INS Aridhaman, the second Arihant-class nuclear powered submarine that is being built by the Navy at the Ship Building Centre at Visakhapatnam, is reportedly set for a soft launch next week according to well-placed sources in the defence ministry.
The nuclear submarine was initially scheduled for a grand launch at the hands of Prime Minister Narendra Modi, but sources said a change of decision has happened with authorities at the highest level now deciding to launch the vessel in a quiet manner at the hands of defence minister Nirmala Sitharaman.
The vessel is being built under the Advanced Technology Vessel (ATV) project at the SBC in the port city. While the launch of the 6,000-tonne INS Arihant, the Navy’s first indigenous nuclear submarine, was a high-profile affair with former prime minister Manmohan Singh inaugurating it, the launch of INS Aridhaman is expected to be a closed-door affair, sources said. INS Arihant was launched by then PM Manmohan Singh in September, 2009. Singh’s wife Gursharan Kaur had formally launched the vessel according to the tradition of the Indian Navy which dictates that a woman should inaugurate a vessel. Exactly eight years after that, a woman defence minister is now expected to launch INS Aridhaman at the Ship Building Centre in Eastern Naval command (ENC), probably on November 19 or 20, sources said.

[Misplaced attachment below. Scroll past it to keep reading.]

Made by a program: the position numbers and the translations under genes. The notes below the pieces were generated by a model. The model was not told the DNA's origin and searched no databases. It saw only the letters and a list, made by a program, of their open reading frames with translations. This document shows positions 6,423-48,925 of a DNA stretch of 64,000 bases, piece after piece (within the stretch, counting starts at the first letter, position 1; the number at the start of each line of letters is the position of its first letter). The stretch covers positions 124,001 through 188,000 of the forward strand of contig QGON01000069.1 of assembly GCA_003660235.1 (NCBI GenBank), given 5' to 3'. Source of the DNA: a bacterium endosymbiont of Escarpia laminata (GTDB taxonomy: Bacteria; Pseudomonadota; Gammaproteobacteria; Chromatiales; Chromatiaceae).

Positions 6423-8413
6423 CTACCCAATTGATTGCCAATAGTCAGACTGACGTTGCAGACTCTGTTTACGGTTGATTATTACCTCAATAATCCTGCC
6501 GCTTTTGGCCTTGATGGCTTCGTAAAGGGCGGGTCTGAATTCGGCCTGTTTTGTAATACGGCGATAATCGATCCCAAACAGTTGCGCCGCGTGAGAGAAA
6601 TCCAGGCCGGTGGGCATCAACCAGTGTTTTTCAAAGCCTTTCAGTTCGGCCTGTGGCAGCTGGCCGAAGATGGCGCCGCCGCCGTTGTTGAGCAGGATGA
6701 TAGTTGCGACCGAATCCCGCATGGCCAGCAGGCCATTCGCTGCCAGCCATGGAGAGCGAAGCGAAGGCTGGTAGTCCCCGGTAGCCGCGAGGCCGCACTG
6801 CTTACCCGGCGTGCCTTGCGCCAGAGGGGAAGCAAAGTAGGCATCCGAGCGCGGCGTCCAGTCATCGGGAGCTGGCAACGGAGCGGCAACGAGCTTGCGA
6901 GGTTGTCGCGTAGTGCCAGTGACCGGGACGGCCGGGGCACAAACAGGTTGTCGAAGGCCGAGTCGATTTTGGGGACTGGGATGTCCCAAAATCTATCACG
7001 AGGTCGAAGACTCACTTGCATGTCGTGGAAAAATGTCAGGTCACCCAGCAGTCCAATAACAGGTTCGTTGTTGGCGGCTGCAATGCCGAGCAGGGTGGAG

Sources said INS Aridhaman would be bigger than Arihant and would be more lethal in all aspects. “It would have double the number of missile hatches than its predecessor. It can carry more missiles and also will have a more powerful reactor,” Navy sources said.
The submarine will have eight launch tubes in its hump and will have the capability to carry long-range missiles of more than 3,000 km. After launch, the vessel would undergo extensive fitting before being readied for harbour trials and sea trials in the next two years. Once it is confirmed ready for operations, it will be commissioned by 2020, Navy sources said. INS Arihant was commissioned in October last year in a hush-hush manner though it was launched in 2009.
The launch of the Aridhaman will bolster the Navy’s nuclear capabilities along with the existing INS Arihant, and will take the country’s military a big step closer to its professed goal of a credible nuclear triad. A sea-based deterrent will provide the military a secure underwater platform to launch nuclear missiles, and will complete the toughest of the three legs of the nuclear triad.
The Navy right now has only about 13 conventional submarines, with only half of them operational at any given time because at least 10 submarines are over 25 years old.